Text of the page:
Thank you for sharing!

Your article was successfully shared with the contacts you provided.
2ND CIRCUIT CLARIFIES ARBITRATION POLICIES NEW YORK � The Second Circuit U.S. Court of Appeals has clarified the standard under which a lower court can vacate an award made in arbitration. A three-judge panel said many trial courts in the circuit have wrongly applied language in one of its decisions by delving into the facts presented at arbitration. Second Circuit case law does not allow a district court judge to set aside an award based on “manifest disregard of the facts” by an arbitration panel, the court said in an opinion by Judge Rosemary Pooler. “We recognize only the doctrine of manifest disregard of the law, which doctrine holds that an arbitral panel’s legal conclusions will be confirmed in all but those instances where there is no colorable justification for a conclusion,” the panel said in Wallace v. Buttar, 03-7158. The issue arose when Daljit and Paramjit Buttar prevailed in arbitration on a claim against securities trader Robert Winston and three others connected with Montrose Capital Management. The traders were found jointly and severally liable for $1.1 million in compensatory damages and $604,805 in punitive damages for Winston’s trading in the stocks of Skynet and CNF Technologies. � New York Law Journal CITIGROUP SHAREHOLDER SUIT IS DISMISSED NEW YORK � In the latest round of litigation involving Enron and WorldCom, Southern District Judge Laura Swain has dismissed a class action against Citigroup alleging that the financial giant failed to adhere to its risk management policies. It is welcome news for Citigroup, which paid $2.65 billion earlier this year to settle charges arising from claims that its brokerage arm, Salomon Smith Barney, had recommended WorldCom’s stock although it knew of the company’s financial troubles. In re Citigroup, Inc. Securities Litigation, 02 Civ. 5779, one of several cases over Citigroup’s financial relationship with Enron and WorldCom, was brought by Milberg Weiss Bershad & Schulman on behalf of Citigroup’s investors. Its central allegation rested on Citigroup’s risk management policies disclosed in its public findings. The plaintiffs said Citigroup failed to live up to the policies to an extent constituting fraud. Judge Swain, however, saw nothing more than potential mismanagement in the accusations. An allegation of fraud, she held, required references to specific misconduct. Because plaintiffs failed to deliver ample specifics, she dismissed the action. � New York Law Journal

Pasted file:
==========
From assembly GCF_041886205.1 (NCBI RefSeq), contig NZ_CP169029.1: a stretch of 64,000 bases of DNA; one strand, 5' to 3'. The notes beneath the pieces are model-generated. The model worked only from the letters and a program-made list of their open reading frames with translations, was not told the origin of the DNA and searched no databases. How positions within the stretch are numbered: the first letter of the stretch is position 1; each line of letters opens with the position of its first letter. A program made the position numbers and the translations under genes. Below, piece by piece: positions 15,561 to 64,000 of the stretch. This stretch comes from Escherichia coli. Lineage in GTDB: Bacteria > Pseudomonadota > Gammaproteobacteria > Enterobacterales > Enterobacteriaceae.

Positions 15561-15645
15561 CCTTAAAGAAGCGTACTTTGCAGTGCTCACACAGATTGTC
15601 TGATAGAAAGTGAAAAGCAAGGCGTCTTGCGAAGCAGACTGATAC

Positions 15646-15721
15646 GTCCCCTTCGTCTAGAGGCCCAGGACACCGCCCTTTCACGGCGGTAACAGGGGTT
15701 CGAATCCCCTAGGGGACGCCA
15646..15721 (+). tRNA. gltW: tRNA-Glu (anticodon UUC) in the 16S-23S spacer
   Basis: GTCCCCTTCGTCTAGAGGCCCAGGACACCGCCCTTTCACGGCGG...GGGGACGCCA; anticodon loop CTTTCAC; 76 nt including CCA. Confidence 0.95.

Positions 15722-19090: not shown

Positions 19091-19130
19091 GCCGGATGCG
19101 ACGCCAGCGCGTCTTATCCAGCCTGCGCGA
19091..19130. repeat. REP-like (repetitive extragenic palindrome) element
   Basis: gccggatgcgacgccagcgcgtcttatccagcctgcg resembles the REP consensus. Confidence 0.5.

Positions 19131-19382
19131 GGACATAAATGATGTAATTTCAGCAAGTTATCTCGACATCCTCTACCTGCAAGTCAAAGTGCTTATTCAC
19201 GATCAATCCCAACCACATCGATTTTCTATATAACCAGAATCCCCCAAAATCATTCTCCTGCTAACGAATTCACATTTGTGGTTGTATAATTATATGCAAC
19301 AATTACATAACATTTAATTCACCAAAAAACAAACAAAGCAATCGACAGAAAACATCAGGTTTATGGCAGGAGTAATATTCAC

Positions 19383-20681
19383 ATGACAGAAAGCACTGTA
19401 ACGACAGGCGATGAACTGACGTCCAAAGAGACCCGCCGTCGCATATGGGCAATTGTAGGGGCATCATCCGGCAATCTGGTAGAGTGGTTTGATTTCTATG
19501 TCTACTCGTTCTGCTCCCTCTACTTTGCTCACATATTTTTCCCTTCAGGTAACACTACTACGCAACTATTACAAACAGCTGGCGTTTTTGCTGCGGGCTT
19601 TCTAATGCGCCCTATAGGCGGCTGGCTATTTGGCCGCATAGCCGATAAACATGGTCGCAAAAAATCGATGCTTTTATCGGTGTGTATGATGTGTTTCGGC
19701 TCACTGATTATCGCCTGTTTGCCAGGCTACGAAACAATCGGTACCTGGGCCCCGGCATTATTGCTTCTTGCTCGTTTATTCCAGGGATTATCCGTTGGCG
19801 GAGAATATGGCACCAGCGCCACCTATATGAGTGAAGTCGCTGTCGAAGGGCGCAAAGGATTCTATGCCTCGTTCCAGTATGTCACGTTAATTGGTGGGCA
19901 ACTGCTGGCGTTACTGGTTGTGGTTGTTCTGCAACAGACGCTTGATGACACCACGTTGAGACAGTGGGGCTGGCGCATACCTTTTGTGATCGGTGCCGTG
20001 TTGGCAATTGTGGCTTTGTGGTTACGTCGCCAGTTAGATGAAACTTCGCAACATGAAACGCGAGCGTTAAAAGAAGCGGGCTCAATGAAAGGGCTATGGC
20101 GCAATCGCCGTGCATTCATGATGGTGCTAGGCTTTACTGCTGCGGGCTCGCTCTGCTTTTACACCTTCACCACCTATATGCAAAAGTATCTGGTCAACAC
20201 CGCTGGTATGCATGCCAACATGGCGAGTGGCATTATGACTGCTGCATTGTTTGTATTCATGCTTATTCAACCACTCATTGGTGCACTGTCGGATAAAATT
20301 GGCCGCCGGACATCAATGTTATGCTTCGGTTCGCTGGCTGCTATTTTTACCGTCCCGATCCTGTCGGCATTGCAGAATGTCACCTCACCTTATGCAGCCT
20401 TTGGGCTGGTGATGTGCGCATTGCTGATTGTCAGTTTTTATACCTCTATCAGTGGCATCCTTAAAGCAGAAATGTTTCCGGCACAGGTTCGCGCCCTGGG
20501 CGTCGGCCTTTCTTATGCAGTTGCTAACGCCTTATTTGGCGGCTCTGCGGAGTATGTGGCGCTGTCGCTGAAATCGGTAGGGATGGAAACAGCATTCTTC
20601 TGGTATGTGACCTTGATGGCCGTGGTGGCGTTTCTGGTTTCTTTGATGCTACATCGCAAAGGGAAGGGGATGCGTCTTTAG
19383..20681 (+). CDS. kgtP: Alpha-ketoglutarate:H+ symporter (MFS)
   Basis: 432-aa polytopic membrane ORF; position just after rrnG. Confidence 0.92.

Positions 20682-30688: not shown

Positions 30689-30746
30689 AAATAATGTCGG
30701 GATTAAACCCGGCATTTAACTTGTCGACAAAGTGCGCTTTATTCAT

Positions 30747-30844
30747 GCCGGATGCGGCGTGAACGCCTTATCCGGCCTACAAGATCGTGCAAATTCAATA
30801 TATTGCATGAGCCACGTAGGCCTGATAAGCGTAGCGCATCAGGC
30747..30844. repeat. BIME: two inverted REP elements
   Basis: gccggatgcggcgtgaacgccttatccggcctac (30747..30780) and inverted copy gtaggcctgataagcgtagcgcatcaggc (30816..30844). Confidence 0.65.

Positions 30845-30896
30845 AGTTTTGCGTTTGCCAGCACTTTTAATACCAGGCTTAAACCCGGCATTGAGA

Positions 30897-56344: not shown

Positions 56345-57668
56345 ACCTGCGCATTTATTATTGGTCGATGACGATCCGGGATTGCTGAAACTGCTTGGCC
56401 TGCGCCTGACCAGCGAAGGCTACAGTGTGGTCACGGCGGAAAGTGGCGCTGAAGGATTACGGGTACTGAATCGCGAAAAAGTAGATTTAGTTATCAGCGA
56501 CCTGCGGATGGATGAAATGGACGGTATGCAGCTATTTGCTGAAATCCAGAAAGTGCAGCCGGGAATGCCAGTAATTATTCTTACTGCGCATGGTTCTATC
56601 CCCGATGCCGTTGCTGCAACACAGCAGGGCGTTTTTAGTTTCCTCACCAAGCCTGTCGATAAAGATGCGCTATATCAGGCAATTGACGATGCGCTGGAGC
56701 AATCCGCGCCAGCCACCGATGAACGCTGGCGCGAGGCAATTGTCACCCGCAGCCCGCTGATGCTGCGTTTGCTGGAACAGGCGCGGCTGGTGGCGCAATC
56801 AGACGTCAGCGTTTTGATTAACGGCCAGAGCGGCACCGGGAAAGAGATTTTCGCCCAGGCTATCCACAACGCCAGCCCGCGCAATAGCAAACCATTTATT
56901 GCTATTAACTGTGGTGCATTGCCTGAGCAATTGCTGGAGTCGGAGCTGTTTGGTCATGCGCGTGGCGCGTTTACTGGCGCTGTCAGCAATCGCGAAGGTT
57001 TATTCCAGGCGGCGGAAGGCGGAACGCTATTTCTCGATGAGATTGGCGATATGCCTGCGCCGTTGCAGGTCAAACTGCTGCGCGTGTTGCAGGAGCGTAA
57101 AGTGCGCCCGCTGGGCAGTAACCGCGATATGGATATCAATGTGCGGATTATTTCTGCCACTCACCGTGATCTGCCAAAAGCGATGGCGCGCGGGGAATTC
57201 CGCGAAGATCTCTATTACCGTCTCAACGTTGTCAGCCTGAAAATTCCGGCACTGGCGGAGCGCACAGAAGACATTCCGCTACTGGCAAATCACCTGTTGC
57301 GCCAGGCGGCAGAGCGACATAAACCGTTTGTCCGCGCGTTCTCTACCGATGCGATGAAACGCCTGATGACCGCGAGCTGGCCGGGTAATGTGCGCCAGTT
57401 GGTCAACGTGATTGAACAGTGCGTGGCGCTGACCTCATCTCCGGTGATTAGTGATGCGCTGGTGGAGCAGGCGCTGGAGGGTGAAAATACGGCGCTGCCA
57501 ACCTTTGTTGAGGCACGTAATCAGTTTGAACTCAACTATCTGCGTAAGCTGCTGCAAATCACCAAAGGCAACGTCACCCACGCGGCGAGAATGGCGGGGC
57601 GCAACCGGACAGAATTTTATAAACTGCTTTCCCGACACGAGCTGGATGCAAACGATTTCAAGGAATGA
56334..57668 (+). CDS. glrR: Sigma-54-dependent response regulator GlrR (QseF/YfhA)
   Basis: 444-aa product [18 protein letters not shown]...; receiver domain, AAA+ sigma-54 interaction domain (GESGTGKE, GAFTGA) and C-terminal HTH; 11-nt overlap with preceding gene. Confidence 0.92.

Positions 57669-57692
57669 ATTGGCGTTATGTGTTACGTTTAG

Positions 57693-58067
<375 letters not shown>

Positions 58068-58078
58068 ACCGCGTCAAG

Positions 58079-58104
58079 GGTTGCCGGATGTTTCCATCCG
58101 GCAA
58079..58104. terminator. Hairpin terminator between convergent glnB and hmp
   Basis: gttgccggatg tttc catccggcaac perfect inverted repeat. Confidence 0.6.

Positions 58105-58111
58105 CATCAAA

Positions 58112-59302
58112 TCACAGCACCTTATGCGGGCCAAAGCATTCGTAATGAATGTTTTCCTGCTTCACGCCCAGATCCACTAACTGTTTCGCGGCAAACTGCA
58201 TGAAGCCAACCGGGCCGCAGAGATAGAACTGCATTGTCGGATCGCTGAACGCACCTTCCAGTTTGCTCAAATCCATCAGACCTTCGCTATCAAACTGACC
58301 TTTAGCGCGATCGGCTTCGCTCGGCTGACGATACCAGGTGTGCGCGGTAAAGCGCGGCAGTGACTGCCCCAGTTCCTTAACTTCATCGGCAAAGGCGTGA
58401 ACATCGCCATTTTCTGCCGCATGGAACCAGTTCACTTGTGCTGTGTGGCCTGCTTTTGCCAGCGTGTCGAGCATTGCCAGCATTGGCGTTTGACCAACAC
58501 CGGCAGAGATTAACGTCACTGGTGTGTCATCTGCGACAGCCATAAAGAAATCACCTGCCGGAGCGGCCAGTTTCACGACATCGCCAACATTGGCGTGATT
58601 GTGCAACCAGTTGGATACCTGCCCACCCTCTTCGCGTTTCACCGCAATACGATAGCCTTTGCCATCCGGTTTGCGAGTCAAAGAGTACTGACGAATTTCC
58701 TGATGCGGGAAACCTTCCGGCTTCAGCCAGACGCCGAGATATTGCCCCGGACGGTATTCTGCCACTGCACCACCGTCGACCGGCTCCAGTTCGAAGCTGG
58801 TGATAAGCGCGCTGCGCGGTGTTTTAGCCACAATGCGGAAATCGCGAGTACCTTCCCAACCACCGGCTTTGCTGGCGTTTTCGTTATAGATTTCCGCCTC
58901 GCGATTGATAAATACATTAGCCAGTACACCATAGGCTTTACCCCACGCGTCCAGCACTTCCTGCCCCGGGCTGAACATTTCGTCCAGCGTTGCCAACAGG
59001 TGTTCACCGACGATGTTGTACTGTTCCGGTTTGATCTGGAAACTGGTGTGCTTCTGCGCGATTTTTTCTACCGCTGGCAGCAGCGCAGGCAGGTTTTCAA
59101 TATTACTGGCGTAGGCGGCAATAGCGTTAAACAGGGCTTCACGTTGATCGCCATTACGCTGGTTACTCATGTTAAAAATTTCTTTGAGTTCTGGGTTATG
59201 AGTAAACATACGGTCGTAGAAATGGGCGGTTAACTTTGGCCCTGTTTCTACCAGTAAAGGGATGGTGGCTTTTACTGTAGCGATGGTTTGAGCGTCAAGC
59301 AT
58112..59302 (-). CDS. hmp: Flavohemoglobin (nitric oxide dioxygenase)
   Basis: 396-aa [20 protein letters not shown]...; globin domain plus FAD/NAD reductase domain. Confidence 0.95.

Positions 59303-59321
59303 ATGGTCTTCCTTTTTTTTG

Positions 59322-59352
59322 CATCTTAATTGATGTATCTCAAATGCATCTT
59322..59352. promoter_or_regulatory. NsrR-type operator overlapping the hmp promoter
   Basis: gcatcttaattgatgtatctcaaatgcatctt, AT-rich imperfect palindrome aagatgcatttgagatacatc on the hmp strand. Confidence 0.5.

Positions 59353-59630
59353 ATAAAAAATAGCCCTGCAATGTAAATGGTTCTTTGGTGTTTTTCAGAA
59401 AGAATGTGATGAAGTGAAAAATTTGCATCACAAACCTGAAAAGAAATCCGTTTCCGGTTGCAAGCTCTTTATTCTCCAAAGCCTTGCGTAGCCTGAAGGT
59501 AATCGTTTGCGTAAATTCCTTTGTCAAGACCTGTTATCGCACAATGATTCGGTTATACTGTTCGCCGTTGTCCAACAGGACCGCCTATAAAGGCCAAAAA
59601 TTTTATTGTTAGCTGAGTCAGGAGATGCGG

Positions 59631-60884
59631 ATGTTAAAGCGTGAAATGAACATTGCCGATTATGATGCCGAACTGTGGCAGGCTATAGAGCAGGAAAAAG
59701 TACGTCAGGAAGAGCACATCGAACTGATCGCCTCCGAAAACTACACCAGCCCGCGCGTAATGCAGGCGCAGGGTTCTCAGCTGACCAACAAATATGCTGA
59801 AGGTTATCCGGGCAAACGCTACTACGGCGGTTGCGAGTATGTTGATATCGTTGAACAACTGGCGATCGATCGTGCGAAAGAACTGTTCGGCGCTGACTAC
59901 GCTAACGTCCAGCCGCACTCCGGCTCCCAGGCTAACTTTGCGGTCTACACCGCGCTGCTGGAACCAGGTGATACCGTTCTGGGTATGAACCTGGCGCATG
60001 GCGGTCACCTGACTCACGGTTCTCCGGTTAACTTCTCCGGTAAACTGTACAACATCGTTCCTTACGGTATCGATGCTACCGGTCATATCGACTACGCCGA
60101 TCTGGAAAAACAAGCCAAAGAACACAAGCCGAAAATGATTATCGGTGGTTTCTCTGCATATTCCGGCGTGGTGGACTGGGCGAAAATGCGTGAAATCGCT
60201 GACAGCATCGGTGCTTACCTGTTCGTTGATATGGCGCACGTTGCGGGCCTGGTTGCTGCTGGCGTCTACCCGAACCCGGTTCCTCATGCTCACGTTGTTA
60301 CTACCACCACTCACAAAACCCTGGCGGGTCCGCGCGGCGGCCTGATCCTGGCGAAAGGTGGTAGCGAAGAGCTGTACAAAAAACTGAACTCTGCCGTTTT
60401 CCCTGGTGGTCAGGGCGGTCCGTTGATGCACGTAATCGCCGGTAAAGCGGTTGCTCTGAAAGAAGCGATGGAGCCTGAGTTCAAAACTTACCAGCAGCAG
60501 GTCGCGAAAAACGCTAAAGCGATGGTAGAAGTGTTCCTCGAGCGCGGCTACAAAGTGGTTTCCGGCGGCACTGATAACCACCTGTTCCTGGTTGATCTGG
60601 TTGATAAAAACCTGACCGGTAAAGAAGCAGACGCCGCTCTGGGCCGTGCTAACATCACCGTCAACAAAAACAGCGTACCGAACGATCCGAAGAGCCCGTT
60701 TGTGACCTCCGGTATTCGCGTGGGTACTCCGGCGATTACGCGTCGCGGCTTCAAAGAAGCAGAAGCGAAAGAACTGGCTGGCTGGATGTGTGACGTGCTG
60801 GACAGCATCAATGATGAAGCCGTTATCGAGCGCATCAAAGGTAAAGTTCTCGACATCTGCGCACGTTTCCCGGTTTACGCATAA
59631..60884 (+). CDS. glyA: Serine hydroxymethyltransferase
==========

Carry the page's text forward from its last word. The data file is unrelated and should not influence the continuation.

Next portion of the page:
This content has been archived. It is available exclusively through our partner LexisNexis®.

To view this content, please continue to Lexis Advance®.

Not a Lexis Advance® Subscriber? Subscribe Now

Why am I seeing this?

LexisNexis® is now the exclusive third party online distributor of the broad collection of current and archived versions of ALM's legal news publications. LexisNexis® customers will be able to access and use ALM's content by subscribing to the LexisNexis® services via Lexis Advance®. This includes content from the National Law Journal®, The American Lawyer®, Law Technology News®, The New York Law Journal® and Corporate Counsel®, as well as ALM's other newspapers, directories, legal treatises, published and unpublished court opinions, and other sources of legal information.

ALM's content plays a significant role in your work and research, and now through this alliance LexisNexis® will bring you access to an even more comprehensive collection of legal content.

For questions call 1-877-256-2472 or contact us at [email protected]


ALM Legal Publication Newsletters

Sign Up Today and Never Miss Another Story.

As part of your digital membership, you can sign up for an unlimited number of a wide range of complimentary newsletters. Visit your My Account page to make your selections. Get the timely legal news and critical analysis you cannot afford to miss. Tailored just for you. In your inbox. Every day.

Copyright © 2020 ALM Media Properties, LLC. All Rights Reserved.